Before leaving for Europe this week, where he will attend Mass and perhaps huddle with Pope Francis, Archbishop Blase Cupich held a news conference to reinforce Francis’ call for humanity to save the planet.
“It’s an unmistakable fact that our environment is in peril,” Cupich told a small crowd of media and religious leaders Thursday at the Archbishop Quigley Center, 835 N. Rush St.
He encouraged people to “forsake our self-centered culture of instant gratification” and noted Pope Francis’ message was not simply intended for Catholics.
“He is inviting each person on this planet to become informed,” Cupich said.
“We see the assault on the environment as a fundamental matter of right and wrong,” Cupich said, echoing refrains from Francis’ encyclical, a letter released Thursday that focused on ecology.
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“The rupture of the relationship between humanity and the planet is an ecological sin that requires repentance and a firm purpose of amendment,” Cupich said. “The cause is the same as all sin: selfishness.”
Cupich said the archdiocese is leading by example and is in the process of lowering the carbon footprint of its 8,000 employees and 2,700 buildings, some which date back to the Civil War.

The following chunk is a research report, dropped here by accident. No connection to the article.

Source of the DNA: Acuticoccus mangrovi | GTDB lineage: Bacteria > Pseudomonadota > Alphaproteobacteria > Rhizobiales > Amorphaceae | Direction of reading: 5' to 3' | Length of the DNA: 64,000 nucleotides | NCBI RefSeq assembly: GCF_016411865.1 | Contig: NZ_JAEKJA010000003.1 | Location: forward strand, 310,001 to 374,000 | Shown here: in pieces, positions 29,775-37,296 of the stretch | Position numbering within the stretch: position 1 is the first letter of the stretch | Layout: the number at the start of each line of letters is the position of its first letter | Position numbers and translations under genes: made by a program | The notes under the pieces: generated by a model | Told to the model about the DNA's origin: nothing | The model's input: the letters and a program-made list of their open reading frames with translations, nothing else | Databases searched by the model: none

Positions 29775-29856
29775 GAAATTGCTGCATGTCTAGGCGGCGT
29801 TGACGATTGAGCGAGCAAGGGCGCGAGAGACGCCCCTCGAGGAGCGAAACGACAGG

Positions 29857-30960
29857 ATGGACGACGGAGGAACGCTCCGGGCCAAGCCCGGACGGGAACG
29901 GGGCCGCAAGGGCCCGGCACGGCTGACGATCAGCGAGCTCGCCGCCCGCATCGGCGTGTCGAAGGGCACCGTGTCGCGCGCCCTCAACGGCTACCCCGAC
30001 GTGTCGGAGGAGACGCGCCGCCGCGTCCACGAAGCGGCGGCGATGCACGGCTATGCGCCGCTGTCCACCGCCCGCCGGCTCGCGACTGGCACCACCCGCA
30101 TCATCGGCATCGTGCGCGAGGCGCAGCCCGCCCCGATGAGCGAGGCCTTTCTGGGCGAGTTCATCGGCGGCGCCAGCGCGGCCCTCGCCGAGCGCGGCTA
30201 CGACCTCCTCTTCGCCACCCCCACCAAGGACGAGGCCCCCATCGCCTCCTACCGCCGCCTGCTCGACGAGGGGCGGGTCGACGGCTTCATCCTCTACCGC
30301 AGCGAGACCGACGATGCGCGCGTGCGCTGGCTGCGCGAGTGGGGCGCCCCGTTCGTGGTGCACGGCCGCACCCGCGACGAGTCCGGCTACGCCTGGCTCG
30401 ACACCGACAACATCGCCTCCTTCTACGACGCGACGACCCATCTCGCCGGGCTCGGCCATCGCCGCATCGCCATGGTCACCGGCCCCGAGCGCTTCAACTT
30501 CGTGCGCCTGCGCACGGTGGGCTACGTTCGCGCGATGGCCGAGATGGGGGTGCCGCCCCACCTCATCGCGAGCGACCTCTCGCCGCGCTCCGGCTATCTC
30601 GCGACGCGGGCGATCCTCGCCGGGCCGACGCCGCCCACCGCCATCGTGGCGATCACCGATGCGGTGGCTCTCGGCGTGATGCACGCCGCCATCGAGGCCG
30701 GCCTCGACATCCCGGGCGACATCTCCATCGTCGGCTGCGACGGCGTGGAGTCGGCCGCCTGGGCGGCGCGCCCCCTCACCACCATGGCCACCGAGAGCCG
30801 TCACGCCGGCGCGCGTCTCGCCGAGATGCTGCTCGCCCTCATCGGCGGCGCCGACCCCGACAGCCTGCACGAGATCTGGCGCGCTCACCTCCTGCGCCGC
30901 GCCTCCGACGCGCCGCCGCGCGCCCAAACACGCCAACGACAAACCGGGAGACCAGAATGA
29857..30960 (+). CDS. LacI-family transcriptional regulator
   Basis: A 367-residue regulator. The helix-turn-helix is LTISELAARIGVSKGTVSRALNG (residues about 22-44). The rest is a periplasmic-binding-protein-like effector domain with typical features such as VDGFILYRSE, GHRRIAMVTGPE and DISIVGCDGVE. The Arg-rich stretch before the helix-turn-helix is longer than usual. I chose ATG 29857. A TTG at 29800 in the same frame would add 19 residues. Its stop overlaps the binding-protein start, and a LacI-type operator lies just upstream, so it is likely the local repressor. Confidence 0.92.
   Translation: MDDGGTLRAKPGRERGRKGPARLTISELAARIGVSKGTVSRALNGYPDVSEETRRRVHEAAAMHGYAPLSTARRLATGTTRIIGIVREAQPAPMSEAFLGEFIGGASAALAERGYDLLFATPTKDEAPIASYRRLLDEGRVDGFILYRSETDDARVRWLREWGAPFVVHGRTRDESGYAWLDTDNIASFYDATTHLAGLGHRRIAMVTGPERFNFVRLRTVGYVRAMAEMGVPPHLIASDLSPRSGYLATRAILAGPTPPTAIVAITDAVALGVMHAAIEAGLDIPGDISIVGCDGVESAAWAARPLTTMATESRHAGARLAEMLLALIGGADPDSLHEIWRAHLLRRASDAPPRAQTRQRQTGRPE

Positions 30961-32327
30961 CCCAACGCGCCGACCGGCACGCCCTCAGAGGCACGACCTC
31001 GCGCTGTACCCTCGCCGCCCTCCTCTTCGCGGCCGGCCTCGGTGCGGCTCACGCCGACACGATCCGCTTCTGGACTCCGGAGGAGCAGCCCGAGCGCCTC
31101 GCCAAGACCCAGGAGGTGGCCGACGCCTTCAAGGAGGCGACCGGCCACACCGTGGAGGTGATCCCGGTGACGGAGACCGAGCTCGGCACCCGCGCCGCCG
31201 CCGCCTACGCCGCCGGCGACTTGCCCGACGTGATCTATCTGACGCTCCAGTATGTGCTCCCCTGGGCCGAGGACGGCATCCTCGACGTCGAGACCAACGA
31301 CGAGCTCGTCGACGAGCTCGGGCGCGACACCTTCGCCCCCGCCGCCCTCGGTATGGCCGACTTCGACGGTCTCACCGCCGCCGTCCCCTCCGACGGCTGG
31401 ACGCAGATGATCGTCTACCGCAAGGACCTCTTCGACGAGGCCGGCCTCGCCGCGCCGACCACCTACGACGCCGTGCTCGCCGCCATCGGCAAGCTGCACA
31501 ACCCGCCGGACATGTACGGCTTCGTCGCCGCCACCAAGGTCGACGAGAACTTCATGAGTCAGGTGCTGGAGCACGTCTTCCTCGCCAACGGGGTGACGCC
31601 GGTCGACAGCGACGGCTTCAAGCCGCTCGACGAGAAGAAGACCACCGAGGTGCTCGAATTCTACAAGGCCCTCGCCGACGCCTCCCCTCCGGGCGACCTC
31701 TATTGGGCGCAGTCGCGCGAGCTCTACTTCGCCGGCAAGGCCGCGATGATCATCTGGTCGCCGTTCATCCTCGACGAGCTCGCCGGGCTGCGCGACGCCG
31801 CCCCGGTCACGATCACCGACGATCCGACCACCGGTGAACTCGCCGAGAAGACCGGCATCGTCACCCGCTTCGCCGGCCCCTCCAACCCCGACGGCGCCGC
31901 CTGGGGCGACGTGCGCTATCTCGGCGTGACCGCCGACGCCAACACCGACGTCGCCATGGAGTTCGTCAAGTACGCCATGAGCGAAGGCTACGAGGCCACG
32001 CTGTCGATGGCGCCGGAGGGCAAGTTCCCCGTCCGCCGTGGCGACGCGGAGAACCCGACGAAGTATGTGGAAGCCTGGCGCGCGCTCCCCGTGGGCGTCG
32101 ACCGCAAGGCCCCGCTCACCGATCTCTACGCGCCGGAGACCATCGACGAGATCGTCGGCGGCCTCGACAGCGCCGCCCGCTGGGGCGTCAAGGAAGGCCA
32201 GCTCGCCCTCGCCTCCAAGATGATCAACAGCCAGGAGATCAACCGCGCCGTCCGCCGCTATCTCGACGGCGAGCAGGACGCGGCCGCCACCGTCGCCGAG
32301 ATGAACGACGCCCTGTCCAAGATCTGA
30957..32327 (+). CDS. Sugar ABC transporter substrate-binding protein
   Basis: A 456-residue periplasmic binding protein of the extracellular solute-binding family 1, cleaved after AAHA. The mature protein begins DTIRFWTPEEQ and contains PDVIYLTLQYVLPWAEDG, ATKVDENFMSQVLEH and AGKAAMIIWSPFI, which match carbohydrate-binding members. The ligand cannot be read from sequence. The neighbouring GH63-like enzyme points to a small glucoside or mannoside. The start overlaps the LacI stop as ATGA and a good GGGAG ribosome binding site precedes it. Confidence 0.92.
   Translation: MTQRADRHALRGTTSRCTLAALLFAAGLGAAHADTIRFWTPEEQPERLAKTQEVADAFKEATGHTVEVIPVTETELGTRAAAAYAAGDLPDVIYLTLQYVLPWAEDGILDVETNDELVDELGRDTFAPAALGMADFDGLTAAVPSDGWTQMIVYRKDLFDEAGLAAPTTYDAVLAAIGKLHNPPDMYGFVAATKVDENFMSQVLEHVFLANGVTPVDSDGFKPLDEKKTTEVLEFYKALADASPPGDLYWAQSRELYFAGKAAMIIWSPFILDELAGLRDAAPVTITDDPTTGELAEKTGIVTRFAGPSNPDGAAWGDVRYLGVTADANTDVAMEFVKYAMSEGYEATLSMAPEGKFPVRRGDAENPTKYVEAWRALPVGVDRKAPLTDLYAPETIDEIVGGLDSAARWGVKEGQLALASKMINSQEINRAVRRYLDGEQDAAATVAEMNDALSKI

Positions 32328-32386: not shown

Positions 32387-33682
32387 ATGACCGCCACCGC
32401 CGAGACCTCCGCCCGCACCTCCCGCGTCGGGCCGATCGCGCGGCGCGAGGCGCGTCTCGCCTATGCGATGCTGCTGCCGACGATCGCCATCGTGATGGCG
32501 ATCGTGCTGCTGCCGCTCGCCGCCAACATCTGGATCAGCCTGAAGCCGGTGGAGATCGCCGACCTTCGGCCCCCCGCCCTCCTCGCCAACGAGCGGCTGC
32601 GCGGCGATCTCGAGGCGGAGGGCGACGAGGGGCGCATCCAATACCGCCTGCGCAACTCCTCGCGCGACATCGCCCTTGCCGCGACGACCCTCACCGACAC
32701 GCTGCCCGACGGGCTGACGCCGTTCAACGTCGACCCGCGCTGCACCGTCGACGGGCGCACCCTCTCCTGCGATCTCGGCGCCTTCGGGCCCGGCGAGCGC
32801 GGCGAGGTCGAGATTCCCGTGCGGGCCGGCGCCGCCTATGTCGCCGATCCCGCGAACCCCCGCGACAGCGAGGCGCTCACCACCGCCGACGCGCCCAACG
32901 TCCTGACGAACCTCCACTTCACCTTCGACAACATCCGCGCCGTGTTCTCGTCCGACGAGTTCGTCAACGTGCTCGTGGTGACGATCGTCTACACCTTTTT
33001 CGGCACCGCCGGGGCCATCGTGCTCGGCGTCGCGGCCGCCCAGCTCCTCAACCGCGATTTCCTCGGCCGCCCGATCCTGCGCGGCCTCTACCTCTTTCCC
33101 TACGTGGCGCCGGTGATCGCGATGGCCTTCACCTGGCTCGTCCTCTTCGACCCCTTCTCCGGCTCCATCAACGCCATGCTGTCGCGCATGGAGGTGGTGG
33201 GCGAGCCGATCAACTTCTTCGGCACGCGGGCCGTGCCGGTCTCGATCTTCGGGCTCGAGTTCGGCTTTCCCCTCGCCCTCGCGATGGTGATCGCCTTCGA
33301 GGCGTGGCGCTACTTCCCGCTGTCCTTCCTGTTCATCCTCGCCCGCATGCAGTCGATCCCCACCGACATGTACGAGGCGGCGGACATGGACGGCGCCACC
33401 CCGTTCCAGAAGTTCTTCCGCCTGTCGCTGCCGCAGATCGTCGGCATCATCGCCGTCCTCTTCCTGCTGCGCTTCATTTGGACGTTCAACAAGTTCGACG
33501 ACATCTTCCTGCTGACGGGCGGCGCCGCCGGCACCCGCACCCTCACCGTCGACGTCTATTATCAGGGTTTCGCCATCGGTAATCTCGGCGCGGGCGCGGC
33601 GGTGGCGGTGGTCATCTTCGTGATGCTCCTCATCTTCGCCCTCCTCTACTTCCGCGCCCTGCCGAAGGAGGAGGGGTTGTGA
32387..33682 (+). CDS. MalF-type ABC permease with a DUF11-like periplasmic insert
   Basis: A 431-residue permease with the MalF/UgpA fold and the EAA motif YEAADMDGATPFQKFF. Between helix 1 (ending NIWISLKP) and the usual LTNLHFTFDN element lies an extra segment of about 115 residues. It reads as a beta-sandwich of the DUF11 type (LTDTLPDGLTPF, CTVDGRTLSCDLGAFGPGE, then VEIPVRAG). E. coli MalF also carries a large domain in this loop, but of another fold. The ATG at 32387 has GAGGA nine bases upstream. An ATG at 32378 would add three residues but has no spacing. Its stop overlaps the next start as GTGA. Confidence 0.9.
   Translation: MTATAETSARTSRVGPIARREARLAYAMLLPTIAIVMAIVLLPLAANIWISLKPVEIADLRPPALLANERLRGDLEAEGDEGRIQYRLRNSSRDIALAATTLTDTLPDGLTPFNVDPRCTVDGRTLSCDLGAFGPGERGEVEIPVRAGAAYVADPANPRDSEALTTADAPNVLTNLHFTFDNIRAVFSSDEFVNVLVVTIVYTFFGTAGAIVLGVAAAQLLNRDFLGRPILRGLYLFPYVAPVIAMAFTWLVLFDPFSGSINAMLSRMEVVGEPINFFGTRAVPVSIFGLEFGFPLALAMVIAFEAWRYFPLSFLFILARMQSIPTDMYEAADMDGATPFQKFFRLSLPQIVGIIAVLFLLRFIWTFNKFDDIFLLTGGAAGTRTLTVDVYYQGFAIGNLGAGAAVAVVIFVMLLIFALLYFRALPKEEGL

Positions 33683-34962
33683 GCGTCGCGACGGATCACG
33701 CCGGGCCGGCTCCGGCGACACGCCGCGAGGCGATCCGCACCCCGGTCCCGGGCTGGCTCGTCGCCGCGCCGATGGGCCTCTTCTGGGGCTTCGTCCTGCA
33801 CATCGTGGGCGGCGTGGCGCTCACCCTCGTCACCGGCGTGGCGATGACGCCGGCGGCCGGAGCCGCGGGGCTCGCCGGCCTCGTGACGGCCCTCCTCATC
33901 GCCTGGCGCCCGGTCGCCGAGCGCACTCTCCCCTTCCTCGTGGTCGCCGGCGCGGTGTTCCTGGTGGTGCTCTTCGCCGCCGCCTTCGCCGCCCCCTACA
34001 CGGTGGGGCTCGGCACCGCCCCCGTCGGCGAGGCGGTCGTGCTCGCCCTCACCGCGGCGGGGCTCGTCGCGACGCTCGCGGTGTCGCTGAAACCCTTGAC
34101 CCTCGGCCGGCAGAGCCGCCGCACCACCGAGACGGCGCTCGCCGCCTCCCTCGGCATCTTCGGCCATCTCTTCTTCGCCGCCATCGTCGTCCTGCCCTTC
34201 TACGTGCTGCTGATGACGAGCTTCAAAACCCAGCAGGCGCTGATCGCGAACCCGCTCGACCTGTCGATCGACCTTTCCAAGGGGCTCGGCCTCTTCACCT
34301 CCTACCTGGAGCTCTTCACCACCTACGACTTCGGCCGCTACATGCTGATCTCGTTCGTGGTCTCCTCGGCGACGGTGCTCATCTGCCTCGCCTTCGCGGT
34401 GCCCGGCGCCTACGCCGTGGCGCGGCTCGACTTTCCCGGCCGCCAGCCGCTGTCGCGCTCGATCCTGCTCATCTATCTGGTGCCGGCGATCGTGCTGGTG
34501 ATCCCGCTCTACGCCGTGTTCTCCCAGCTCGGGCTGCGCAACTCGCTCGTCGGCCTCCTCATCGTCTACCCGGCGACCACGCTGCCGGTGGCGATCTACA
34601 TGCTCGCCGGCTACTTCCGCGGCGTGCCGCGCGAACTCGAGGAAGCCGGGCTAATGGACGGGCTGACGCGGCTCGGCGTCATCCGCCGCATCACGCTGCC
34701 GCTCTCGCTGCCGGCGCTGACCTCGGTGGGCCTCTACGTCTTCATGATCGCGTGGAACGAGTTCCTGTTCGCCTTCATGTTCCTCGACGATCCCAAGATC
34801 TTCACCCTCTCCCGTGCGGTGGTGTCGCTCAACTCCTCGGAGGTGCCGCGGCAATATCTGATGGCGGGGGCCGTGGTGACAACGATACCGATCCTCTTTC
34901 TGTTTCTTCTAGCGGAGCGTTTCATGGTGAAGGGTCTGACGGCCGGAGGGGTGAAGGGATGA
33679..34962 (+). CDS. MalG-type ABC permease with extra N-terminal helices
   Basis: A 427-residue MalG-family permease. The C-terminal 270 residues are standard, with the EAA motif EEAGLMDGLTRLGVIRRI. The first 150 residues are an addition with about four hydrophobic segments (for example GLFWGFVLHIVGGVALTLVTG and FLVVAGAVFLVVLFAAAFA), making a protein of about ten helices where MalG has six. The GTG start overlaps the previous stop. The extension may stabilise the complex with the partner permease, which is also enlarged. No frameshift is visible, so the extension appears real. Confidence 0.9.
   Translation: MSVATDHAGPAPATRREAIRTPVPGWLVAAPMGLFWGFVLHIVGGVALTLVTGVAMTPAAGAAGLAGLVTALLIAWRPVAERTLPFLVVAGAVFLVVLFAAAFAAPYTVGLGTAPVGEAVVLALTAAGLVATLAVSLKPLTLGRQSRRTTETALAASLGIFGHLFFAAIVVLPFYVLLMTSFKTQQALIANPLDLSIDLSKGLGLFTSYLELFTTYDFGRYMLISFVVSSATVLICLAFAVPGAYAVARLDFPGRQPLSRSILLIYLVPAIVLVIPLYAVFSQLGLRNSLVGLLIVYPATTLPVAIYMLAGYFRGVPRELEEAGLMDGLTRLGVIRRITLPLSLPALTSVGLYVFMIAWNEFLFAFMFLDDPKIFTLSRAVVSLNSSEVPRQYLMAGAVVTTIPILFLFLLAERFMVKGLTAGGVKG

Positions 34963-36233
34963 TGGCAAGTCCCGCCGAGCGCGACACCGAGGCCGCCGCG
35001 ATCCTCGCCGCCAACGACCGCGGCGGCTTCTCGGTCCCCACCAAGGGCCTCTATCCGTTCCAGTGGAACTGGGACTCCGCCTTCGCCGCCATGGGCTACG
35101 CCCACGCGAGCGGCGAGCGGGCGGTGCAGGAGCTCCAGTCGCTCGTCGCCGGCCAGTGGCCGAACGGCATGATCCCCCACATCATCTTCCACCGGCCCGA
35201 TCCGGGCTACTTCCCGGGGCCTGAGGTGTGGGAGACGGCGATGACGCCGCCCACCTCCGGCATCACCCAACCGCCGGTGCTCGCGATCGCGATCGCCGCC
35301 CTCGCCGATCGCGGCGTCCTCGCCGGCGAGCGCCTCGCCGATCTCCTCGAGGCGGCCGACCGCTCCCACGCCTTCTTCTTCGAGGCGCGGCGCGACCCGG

He made a simple request: “Join us.”
He encouraged Chicagoans “begin by taking small steps.” Recycle. Do not waste food. Avoid the use of plastics.
Asked about how Chicagoans who’ve grown frustrated by city’s problem-plagued recycling program should respond, Cupich was optimistic.
“Let’s double down our efforts to get it done,” he said. “Major metropolitan areas do recycling. There’s no reason why the people of Chicago, which is really a can-do city, shouldn’t be able to take this on.”
Cupich highlighted several of Francis’ main points, namely the need for business leaders to put environment above profit, the need to reduce global warming caused by humans, the need to protect the poor — who are the most vulnerable to violent weather swings caused by global warming and the need to curb over-consumption.
“The Earth is on loan from each generation to the next,” said Cupich, who is leaving Friday for Ukraine, where he will visit hospitals, schools and orphanages that have received portions of an $8 million fund from the Catholic church in the United States intended to benefit Eastern Europe.
He also plans to visit with the Archbishop of Donetsk, who has been displaced by heavy fighting in the region.
Cupich will travel on to Rome on Wednesday or Thursday.
“I’m going to really look for an opportunity to chat with the Pope,” he said.
Cupich said he had no agenda items to discuss.
“I have a decade or so before I have to retire and I want to have fun and this is going to be fun,” he said of the trip to Rome. “He’s given me everything anybody could ever ask for, he made me Archbishop of Chicago.”